After years of negotiations, India and Australia are expected to sign a landmark agreement on reciprocal access to military bases for logistics support during an online summit between Prime Minister Narendra Modi and his Australian counterpart Scott Morrison on Thursday.
Australian High Commissioner Barry O'Farrell told reporters during an online media briefing that the summit is expected to take the bilateral ties to a "historic" high as the two leaders will focus on ways to further deepen cooperation in a range of areas including trade, energy and defence.
"We have talked about what we expect to come out of the summit. Obviously mutual logistics support agreement is one of those things. That will make it easier for defence forces of both the countries to conduct complex exercises like AUSINDEX," he said. The AUSINDEX is a bilateral naval exercise between India and Australia.
The pact will allow militaries of the two countries to use each other's bases and facilities for repair and replenishment of supplies besides facilitating scaling up of overall cooperation.
India has already signed a similar agreement with the US, France and Singapore.
O'Farrell said the pact will be an important stepping stone to facilitate deeper defence engagement between the two countries.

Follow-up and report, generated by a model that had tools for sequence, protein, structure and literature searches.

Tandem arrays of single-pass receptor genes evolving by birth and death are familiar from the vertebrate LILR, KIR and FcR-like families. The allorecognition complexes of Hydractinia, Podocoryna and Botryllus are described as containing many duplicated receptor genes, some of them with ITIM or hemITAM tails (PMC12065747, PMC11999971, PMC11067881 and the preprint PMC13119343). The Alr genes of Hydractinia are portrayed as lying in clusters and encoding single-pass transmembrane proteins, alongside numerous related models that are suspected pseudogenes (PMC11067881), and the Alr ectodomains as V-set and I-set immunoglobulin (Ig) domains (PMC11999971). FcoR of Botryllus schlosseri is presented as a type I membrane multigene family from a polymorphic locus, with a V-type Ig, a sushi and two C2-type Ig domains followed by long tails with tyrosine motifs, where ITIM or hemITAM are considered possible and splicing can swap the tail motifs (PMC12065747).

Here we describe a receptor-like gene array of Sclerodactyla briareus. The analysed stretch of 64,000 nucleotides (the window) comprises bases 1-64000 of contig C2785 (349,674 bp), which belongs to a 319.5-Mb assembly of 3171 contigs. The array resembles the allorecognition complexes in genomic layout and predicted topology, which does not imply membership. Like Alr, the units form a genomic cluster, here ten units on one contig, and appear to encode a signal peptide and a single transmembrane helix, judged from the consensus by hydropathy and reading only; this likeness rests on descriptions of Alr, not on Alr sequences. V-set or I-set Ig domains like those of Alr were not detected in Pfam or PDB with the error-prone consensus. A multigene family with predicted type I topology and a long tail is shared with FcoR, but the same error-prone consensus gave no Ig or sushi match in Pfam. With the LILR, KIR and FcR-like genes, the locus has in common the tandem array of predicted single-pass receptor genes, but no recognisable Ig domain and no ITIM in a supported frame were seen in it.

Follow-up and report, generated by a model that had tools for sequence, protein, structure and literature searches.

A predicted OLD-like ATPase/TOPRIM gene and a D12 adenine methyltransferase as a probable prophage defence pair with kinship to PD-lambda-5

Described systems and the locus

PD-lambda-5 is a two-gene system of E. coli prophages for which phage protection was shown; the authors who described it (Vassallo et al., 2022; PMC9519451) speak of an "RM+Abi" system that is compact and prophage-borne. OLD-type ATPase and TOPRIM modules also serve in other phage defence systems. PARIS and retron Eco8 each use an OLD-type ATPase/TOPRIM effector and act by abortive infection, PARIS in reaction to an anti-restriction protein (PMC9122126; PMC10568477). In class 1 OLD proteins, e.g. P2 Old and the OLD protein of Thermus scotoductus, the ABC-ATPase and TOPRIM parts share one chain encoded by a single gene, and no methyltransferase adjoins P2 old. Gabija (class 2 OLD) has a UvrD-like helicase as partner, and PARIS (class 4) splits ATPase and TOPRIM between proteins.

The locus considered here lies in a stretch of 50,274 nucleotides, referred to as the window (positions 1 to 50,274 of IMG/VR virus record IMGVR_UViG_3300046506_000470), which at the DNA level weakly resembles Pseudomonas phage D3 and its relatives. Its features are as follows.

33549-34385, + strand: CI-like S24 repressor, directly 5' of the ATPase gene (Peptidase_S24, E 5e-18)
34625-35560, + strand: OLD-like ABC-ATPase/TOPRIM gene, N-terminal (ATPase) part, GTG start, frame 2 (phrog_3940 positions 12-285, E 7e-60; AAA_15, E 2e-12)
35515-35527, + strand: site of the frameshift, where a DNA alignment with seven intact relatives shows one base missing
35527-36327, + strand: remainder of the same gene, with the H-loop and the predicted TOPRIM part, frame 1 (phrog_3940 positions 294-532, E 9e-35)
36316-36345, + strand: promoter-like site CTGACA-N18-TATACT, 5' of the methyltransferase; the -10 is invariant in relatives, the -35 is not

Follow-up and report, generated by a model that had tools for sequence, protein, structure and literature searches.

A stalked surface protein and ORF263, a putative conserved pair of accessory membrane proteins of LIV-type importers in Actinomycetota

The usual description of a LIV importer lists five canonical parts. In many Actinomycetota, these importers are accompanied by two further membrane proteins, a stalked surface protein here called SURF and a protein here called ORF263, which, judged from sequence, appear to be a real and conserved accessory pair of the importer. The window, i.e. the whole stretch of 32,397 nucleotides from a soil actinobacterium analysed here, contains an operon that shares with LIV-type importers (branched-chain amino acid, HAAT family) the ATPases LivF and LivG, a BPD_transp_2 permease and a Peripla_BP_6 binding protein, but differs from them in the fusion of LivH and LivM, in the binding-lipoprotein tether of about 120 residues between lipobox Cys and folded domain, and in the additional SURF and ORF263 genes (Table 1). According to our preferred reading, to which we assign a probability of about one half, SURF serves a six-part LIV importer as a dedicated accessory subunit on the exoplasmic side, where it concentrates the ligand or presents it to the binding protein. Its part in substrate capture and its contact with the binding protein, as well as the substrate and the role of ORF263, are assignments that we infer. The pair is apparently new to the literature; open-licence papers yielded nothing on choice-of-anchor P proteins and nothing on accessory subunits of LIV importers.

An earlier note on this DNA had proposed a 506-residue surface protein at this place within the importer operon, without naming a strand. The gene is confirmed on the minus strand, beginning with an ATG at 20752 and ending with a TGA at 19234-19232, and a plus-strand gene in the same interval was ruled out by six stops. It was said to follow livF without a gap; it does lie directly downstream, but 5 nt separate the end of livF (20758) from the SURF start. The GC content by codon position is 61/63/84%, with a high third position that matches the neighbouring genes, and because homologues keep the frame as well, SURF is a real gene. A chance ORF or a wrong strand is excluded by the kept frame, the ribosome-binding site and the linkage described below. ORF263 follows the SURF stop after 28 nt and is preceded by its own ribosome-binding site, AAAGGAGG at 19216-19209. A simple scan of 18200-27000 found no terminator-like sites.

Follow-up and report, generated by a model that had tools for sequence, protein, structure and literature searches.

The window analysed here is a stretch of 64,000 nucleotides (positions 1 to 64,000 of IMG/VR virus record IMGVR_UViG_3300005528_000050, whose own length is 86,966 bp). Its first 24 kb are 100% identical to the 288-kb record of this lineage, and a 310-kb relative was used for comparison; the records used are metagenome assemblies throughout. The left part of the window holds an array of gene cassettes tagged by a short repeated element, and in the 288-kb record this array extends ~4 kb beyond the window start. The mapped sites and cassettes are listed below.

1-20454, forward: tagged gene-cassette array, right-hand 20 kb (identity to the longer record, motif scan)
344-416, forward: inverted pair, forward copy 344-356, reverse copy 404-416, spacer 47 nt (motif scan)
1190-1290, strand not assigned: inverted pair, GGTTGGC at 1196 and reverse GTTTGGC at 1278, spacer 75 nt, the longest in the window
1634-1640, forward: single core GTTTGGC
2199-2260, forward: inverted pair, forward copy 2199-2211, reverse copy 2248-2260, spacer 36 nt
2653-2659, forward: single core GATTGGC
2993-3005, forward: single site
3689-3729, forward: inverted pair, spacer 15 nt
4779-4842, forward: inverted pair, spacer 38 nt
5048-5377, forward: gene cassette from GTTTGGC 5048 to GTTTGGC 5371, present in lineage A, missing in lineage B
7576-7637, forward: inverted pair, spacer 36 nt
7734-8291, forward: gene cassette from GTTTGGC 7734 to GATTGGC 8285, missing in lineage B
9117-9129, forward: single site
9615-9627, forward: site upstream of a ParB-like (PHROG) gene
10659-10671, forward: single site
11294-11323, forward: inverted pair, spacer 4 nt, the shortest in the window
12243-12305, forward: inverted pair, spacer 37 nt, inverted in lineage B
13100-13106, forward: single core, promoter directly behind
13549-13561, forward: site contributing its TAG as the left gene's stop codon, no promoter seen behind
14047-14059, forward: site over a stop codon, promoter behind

The summit talks between Modi and Morrison were originally scheduled to take place in January. However, they were postponed as the Australian prime minister had to cancel his four-day state visit to India due to the raging bush-fire crisis in his country.
Asked how he sees the virtual summit, O'Farrell said: "It will be like a virtual interview, I suppose, although you have two friends on either side probably asking each other questions about the obvious issues, not just how each country is dealing with COVID-19."
He said there have been some "great similarities" between the approaches of both the leaders in dealing with the pandemic.
"Both the leaders are people's persons. They will be talking about issues with a focus on how to work together to improve the lives of their citizens," the envoy said.
"I think both clearly understand that government is not just about theoretical issues, not just about number of agreements you sign, but it is about what you can do to help your citizens improve their lives," he said.
"In the virtual summit between the two leaders, you will see the Australia-India relationship reaching a historic high, matched by an ambitious agenda by both countries on what we can achieve in the future," he said.
O'Farrell said the focus of the talks will be to boost cooperation in areas like public health, education, science and technology cooperation, cybersecurity and critical technology and defence.
"Over the past months and years, we have seen India and Australia work even more closely together on shared goals particularly in contributing to a more secure, open, inclusive and prosperous Indo-Pacific," he said.
The envoy said further enhancing bilateral maritime security as well as expanding cooperation in the Indo-Pacific region would be other key areas for talks.
Asked about US President Donald Trump's call for inclusion of India and Australia in G7 grouping along with two other countries, the Australian envoy said global organisations should always be ready to adapt to realities of an ever changing world.
He also supported Modi's call for strengthening the WHO.